Going through a breakup is horrible as it is, but knowing what to expect when it comes to grieving one, can help you deal with it better. Normally there are seven stages of grieving a breakup, and the more you know about them, the better you might be able to handle it.
You fought to hold on to the relationship to the point of being all-consumed. You don’t want to believe it’s actually ending. You can’t believe it. Even if the relationship was awful, even unbearable at times, the idea of living without it is unacceptable. Still, it’s becoming clear that the two of you aren’t going to make it. You are finally starting to compute that it’s over. You’ve gone from, “Don’t leave!” to “Okay, I give up.”
But you still feel anything but okay. The moment you get off the phone with your ex, or the texting finally stops, or you leave each other’s space, you experience withdrawal, and you are hit relentlessly by the reality of the loss. It can be a brutal process, and it can take a long time until you feel deserving of investing in your own independent, reshaped life path.
You may have known somewhere within you that this breakup was coming, even for months or years, and yet you are still blindsided. No matter how the lead-up has looked, now that the breakup is actually happening, you may be overwhelmed, immobilized, and haunted by fear, loss, and despair about life without this person.
Following are some of the stages you can anticipate going through—they often occur all at once, or in varying orders at varying times during the process of letting go.
Here Are The 7 Stages Of Grieving A Breakup
1. Desperate for Answers.
The drive to know is consuming and can come at the expense of rational thoughts and behaviors. You must understand why this happened, maybe beyond anyone’s ability to explain it. You fixate on things your ex said at various times that you see as contradicting the breakup, and you hold onto them now as if they are gospel.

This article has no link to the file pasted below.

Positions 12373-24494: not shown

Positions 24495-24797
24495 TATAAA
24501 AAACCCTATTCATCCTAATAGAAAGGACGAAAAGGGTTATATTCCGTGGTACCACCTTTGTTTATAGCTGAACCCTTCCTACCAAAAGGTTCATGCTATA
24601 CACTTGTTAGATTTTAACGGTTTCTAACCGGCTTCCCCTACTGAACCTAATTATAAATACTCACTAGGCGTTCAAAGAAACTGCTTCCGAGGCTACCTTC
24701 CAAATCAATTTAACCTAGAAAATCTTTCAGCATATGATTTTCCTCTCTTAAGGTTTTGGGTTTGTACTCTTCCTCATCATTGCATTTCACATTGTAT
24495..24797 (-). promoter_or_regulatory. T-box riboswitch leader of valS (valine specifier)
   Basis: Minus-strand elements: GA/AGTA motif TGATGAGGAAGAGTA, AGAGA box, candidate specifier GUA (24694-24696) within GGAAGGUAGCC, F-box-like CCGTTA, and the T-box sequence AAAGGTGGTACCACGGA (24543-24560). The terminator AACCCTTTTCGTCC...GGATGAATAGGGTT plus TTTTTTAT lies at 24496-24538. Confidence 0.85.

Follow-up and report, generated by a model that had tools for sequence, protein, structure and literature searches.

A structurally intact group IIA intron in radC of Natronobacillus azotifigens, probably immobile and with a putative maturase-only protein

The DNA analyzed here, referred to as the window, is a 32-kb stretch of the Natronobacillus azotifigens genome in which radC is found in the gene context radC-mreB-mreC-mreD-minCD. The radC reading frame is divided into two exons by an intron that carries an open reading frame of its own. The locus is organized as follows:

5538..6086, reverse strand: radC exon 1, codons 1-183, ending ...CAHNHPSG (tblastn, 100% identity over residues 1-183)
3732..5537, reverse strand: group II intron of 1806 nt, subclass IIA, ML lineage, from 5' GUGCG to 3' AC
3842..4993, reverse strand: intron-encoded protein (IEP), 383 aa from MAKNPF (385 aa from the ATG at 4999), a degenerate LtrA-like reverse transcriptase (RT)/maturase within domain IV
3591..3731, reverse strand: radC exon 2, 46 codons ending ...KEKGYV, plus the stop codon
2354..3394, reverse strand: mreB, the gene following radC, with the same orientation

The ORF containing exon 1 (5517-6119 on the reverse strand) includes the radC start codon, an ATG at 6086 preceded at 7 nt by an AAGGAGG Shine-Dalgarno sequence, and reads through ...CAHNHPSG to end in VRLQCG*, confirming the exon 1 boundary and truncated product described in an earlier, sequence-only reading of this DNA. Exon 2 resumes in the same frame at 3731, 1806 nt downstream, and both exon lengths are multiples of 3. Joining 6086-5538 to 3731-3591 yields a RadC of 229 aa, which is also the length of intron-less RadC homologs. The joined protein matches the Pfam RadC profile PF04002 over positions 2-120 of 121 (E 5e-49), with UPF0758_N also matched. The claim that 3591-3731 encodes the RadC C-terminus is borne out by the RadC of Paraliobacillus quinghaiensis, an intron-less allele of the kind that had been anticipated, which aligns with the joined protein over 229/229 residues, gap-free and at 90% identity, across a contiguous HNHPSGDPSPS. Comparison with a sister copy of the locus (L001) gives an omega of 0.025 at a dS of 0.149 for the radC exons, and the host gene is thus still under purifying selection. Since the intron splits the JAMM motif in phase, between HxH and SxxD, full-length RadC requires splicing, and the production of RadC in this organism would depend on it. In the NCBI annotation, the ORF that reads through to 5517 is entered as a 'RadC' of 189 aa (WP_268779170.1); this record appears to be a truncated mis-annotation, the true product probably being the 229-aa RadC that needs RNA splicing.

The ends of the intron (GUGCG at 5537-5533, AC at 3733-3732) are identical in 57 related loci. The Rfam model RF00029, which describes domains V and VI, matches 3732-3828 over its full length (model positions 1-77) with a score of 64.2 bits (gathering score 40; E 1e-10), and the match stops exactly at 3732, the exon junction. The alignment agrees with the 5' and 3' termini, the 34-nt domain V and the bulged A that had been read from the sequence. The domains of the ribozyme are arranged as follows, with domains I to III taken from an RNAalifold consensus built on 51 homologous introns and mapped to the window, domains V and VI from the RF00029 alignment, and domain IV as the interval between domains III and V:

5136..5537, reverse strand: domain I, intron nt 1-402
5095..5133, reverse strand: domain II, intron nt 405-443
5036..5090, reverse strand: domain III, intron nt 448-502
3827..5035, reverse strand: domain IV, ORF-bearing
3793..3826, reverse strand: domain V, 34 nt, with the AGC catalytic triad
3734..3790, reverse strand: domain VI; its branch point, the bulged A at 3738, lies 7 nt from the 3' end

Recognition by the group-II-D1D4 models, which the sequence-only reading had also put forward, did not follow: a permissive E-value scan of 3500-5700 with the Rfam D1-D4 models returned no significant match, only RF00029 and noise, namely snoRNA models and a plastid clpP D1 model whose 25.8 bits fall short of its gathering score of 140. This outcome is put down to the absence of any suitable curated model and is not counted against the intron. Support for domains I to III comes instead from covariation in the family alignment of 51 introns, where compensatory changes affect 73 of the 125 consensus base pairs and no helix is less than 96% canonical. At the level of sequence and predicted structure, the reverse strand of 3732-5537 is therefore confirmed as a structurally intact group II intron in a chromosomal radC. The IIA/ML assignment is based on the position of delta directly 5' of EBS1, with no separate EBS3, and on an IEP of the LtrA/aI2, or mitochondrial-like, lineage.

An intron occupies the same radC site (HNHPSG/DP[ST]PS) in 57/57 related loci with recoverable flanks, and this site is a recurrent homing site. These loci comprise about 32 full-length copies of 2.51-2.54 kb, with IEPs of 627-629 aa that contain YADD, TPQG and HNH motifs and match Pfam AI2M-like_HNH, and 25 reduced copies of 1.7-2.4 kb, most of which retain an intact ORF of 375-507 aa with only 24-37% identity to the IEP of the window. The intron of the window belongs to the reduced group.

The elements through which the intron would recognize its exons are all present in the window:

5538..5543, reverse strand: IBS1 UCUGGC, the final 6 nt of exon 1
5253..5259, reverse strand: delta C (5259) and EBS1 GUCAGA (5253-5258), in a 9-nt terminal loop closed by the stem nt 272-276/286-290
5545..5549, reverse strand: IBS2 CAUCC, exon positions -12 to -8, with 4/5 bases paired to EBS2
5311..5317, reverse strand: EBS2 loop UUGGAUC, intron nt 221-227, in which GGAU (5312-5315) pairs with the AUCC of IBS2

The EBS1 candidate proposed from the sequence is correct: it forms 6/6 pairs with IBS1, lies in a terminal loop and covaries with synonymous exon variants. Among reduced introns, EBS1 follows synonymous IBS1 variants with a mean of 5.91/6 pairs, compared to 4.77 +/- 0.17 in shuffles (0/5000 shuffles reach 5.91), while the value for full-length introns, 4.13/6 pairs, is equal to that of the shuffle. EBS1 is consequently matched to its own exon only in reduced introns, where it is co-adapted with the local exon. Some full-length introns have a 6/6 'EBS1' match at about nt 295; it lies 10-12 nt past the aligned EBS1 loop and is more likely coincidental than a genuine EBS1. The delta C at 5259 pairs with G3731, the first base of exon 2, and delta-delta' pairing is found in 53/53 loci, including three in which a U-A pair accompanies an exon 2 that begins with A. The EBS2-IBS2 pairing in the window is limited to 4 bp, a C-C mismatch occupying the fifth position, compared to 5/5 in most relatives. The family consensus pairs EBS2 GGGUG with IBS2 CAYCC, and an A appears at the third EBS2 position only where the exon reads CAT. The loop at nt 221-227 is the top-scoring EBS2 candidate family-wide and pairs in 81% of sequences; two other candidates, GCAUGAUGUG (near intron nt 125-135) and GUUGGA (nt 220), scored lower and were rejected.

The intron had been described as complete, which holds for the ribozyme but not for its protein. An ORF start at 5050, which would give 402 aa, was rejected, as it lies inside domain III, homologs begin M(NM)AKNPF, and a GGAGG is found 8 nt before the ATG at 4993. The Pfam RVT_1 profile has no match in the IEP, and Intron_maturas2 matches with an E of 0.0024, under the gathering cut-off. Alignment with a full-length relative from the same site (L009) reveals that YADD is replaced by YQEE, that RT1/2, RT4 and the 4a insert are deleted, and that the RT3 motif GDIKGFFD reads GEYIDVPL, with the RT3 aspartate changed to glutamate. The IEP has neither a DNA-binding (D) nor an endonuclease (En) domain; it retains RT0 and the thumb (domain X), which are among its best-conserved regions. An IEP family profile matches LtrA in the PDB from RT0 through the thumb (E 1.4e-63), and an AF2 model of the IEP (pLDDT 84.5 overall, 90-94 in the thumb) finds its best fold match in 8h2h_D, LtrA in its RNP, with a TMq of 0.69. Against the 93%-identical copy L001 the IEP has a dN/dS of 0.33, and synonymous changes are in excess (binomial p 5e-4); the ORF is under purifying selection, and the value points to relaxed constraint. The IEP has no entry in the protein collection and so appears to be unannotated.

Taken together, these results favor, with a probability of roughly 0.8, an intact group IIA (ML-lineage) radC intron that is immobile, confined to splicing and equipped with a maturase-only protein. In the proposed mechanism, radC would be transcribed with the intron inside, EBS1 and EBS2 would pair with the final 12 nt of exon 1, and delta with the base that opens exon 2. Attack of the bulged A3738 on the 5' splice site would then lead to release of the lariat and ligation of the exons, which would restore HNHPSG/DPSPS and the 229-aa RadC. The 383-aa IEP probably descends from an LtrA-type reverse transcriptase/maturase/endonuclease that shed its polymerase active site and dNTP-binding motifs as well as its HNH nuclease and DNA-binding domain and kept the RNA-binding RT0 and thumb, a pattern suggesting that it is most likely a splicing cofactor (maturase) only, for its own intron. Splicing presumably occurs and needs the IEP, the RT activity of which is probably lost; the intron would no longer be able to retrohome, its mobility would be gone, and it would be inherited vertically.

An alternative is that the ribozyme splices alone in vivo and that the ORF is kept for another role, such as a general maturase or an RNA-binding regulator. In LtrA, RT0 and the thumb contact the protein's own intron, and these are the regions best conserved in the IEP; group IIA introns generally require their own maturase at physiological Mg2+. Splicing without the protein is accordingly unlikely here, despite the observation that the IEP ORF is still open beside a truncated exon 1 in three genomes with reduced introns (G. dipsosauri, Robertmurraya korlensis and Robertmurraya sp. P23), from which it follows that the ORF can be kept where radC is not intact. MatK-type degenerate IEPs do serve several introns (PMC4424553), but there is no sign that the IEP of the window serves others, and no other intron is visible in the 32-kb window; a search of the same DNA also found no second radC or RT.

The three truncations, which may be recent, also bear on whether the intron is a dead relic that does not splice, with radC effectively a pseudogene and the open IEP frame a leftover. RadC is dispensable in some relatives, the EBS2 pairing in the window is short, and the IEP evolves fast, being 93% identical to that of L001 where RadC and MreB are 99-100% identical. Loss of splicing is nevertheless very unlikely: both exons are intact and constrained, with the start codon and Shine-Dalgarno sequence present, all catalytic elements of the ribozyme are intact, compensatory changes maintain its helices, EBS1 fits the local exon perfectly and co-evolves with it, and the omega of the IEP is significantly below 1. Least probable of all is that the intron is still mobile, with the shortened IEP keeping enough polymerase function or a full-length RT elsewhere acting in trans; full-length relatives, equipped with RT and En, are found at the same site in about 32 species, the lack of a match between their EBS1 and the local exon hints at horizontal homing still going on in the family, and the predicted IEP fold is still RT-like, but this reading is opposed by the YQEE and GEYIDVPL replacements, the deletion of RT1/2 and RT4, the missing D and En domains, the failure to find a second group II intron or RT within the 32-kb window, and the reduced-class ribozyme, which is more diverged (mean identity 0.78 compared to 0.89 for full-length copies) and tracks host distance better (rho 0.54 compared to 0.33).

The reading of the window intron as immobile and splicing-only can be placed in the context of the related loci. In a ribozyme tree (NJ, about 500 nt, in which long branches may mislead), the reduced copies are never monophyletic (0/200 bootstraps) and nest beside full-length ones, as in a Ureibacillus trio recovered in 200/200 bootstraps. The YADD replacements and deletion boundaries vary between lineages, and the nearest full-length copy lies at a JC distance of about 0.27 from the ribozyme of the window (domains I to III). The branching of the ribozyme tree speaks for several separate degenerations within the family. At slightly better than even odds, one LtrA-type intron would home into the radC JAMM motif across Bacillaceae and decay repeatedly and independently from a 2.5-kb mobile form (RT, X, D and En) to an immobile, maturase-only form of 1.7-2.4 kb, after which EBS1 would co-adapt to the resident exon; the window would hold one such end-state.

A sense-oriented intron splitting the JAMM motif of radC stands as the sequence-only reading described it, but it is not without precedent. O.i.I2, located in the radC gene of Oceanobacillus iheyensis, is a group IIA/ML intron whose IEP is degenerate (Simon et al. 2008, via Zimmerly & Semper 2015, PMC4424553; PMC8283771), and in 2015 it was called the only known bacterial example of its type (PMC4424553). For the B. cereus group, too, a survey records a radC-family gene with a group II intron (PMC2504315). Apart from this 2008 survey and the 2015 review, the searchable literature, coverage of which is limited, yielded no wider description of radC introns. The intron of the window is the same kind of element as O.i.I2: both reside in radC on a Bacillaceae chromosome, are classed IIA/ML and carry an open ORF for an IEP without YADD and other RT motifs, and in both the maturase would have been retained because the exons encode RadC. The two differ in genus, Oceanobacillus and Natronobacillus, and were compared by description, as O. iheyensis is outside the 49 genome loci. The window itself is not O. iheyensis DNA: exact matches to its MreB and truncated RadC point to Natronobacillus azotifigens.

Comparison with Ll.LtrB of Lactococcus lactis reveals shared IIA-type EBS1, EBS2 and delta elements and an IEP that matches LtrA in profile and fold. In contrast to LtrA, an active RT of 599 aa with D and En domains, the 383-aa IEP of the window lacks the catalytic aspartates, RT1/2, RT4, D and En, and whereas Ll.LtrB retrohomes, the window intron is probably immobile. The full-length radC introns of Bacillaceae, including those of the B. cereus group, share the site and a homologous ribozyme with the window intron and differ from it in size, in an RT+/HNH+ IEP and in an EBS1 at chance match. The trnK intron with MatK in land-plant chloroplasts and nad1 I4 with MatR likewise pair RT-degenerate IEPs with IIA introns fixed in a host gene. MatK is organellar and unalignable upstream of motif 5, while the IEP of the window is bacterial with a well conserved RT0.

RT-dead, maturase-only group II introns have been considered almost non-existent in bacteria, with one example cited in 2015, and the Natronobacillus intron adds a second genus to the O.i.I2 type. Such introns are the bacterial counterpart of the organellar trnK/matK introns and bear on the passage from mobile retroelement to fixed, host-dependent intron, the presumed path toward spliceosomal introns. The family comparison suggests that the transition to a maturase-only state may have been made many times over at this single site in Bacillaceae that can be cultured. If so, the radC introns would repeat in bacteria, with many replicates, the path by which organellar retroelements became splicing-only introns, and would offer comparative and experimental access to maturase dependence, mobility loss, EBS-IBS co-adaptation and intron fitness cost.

Yet somewhere within, you have moments of clarity, too. You likely swing back and forth between foggy disbelief, the daily, moment by moment rediscovery of the magnitude of your loss, and flashes of painful clarity that of course, it’s over. The pain, disorganization, and confusion can become all you think about, or talk about.
But initially, you remain driven to understand what happened, at any cost. The desperation to make sense of something so jarring compels you to debate friends, family, coworkers, even strangers, about why the relationship ended, while you justify to them the reasons it shouldn’t have as if convincing them it is equal to convincing your ex.
It can’t be true. This isn’t happening! You just cannot be without your ex. It feels like you’ve put everything you are into this relationship. It’s been your world, your life. You cannot accept that it’s over. You funnel every last hope into saving it, even at the expense of your well-being.
You postpone your need to grieve its end because it’s just too painful to face. In so doing, you temporarily derail the grieving process by replacing it with unrealistically inflated hope that the relationship can still be salvaged.
You are willing to do anything to avoid accepting it’s over. You’ll be a better, more attentive partner. Everything that’s been wrong, you’ll make right. The thought of being without your ex is so intolerable that you will make your own pain go away by winning him or her back, at any cost. Of course, you’re not logical at this point (and probably shouldn’t be operating heavy machinery).